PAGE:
It's good practice that if you suspect your login credentials have been compromised to change your password, do not use the same password for multiple services. This is something that we know we shouldn’t do but are all guilty of to some extent. If one service is compromised then all accounts using the same password have the potential to be compromised, very often the username/password combination found will then be tried on multiple services by an attacker in the hope that the same username/password combination will be used for multiple services and therefore, we would strongly recommend utilising a password manager to help manage your passwords. There are many well known password manager tools available online, in the app store or playstore, many of which are free.

The bottom line is that if you suspect your accounts have been compromised change your password immediately, contact your account provider immediately and let them know, they are there to help you first and foremost.

Where and Whenever Possible, Use Multi-Factor Authentication


Multi-factor authentication is a combination of two of the following factors used for logging onto a service:

  • Something you know (password)
  • Something you have (phone)
  • Something you are (fingerprint)

Something you know is your password, so multi-factor authentication always starts there. Rather than let you in to your account once your password is entered however, two-factor authentication requires a second layer of authentication.

So that’s where factors 2 and 3 come into play. Something you have is your phone or another device, while something you are, is your face, irises, or fingerprints. If you can't provide authentication beyond the password alone, you won't be allowed into the service you're trying to log into. This adds a level of complexity to the authentication process, and whilst it may be possible to compromise your password, compromising the second and third factors is going to be Harder without you being aware or something.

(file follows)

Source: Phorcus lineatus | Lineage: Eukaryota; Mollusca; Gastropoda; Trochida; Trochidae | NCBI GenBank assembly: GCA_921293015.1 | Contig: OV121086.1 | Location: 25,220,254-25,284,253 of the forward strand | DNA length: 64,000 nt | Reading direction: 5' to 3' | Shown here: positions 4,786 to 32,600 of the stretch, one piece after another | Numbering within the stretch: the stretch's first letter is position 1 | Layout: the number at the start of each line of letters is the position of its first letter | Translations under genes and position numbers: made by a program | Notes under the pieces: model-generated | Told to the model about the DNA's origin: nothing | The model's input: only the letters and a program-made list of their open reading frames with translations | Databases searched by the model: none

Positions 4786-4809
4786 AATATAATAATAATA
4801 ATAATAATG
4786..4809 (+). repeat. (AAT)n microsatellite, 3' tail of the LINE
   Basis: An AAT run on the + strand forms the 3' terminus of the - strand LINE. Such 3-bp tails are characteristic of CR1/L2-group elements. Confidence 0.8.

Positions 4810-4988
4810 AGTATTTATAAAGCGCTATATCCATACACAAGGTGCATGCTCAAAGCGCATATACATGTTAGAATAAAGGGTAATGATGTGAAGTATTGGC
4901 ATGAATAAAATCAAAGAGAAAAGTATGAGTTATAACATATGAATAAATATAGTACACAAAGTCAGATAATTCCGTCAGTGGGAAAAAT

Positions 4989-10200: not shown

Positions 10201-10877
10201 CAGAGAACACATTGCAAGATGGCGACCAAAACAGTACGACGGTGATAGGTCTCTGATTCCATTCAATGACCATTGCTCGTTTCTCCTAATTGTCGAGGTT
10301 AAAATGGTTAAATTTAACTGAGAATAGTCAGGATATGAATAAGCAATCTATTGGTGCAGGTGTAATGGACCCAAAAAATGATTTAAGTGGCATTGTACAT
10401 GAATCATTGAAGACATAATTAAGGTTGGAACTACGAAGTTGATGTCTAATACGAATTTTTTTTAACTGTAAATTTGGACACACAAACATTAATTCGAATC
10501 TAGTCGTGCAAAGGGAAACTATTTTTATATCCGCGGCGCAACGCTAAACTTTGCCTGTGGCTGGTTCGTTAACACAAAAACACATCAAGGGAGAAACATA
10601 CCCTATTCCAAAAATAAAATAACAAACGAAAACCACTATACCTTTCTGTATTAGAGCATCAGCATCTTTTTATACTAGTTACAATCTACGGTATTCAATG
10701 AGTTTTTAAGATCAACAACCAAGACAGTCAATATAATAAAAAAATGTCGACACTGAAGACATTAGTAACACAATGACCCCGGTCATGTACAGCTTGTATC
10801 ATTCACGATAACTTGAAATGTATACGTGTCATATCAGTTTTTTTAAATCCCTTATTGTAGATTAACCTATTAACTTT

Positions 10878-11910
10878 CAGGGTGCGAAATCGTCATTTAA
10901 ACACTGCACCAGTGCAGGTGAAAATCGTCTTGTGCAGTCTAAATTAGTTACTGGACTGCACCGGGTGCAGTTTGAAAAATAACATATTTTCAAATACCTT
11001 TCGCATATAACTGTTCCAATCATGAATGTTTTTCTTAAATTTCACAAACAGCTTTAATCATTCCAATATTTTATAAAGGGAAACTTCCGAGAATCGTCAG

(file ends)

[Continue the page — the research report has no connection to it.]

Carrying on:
In reality, it's not that much of a jump as most of us who use online banking have been complying with two factor authentication for years.

Basic Rules


So what are the basic rules to prevent scams or your sensitive information being compromised? Whilst there is no fool proof method of protection, the following basic rules will help minimise the risk.

1. Do not respond to any calls or texts from unknown numbers, or any others that appear suspicious/that you are not aware of.

2. Never share your personal or financial information via email, text messages, social media or over the phone. If your bank calls, ask for an extension number and name so you can call them back. Check that the provided number matches what you know.

3. Be cautious if you’re being pressured to share any information or make a payment immediately.
Scammers often spoof phone numbers to trick you into answering or responding. Remember that government agencies or financial institutions will never call you to ask for personal information or money.

4. Do not click any links you receive via a text message. If a friend sends you a text with a suspicious link that seems out of character, call them to make sure they weren't hacked.

5. Always check on a charity (for example, by calling or looking at its actual website) before donating.

6. Use trusted sources such as legitimate, government websites for up-to-date, fact-based information about COVID-19.

7. Don’t let anyone pressure you into taking quick decisions. Take your time and consider who you are dealing with.